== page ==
Creating Realistic Ambulance Simulation for Tulane’s Future Healthcare Professionals


Tulane Medical School is built on a rich history. Many important advances in medicine over the last century were born in Tulane, thanks to distinguished alumni and faculty members like Dr. Michael E. DeBakey, Dr. George E. Burch, Dr. Louis J. Ignarro, and more.

Tulane is the fifteenth oldest medical school in the United States, but that does not mean we are stuck in our ways as an organization, far from it. Probably the best example of this is the Tulane Center for Advanced Medical Simulation & Team Training, which was founded in January of 2009. 

In the nearly ten years since the simulation center launched, technology has changed immeasurably, and we have made an effort to change right along with it. Staying ahead of the curve is always critical, because our job is to create forward-thinking simulations for our students.

In the beginning, we were heavily reliant on the demonstration model of training. A task trainer, or a faculty member, would use mannequins and other resources to demonstrate certain concepts or ideas to students. It's an approach that was more than viable in the era it was created, but is not necessarily the most effective use of millions of dollars' worth of equipment, space, and people.

For medical training, simulation always beats demonstration.

Equally complicating the matter is that the courses we offer are not as simple as a pass/fail situation. One example of this is our EMT (Emergency Medical Transfer) course, which is required in order to sit for the licensing exam to become an EMT. The course is not only a stepping stone in one’s career, but is also an important part in ensuring future lives are saved.  

The Arc of Change

For our EMT courses in particular, we realized a change was necessary to bring the simulations into the modern era. A big part of this evolution came down to the environment itself.

Our center was not built to mimic the space an EMT would face in the real world. Often times, this means the back of an ambulance. Obviously, the back of an ambulance is a tight, restricting area. While the material of our courses was terrific, the ambulance simulation took place in a large simulation room. This hardly created a realistic training experience. Our students needed to feel the pressure from the confines of their future environment.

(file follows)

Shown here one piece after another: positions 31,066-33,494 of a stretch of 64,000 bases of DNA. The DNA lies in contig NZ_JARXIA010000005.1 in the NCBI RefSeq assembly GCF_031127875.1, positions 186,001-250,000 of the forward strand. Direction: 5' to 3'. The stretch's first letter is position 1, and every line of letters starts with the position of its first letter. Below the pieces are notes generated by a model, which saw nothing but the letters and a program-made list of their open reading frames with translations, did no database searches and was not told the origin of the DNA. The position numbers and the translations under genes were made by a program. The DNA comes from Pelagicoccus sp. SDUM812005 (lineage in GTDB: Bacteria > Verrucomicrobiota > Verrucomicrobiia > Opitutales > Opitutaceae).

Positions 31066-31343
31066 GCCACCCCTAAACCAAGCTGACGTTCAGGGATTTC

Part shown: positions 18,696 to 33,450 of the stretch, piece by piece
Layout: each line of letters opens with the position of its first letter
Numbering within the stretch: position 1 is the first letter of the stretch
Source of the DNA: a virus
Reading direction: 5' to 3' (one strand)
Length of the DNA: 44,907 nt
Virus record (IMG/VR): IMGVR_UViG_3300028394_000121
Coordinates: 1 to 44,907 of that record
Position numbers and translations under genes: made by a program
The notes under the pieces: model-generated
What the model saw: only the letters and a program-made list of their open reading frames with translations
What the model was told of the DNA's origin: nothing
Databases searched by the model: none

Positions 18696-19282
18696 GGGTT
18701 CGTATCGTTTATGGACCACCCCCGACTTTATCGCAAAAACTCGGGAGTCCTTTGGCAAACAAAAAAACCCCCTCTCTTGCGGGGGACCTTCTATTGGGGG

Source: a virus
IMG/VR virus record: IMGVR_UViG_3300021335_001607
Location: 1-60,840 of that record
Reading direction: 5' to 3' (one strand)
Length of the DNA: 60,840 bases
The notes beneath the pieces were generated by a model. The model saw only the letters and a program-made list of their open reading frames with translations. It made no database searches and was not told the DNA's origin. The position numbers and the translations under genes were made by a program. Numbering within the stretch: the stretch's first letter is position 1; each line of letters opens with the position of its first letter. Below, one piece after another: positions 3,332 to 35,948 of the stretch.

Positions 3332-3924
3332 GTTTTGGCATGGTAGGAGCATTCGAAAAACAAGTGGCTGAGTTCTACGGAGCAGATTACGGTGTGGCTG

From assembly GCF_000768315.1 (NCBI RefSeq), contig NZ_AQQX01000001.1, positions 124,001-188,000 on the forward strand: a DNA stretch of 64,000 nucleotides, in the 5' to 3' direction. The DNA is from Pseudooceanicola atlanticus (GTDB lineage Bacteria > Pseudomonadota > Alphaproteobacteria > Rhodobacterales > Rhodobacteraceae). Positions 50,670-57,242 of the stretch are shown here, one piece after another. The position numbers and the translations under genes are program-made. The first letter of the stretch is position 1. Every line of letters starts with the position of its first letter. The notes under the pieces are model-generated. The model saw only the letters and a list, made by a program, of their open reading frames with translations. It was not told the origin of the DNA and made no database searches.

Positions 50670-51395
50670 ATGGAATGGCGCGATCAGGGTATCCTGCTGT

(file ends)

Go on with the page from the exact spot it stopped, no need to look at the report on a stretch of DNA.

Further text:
For the full effect of simulations, don’t just think about the techniques—focus on the environment. @KwickScreen

We began our search for a viable solution. Some simulation centers will have a decommissioned ambulance inside their space, but this option simply wouldn’t work because our facilities are located on the third floor. Even if we found a way to get the ambulance up there, it would take up too much space. When we were done with the exercise, it’s not like we could just roll it into the closet. 

My colleagues and I soon reached the point where we simply did not think a solution existed. We thought we had to make due with our current space. Luckily, I paid a visit to the Chelsea-Westminster Hospital for a different research project and stumbled upon a solution.

Modern Simulations Require Modern Technology

At Chelsea-Westminster, I noticed they found a unique solution to creating simulation ambulance training in a corner of their lab and got them to pull it out. They had retractable screens set up that looked exactly like a real ambulance, and, more importantly, mimicked their restrictive behaviour. My only reaction was to ask, “What is that and where did you buy it?” They told me the solution was called KwickScreen.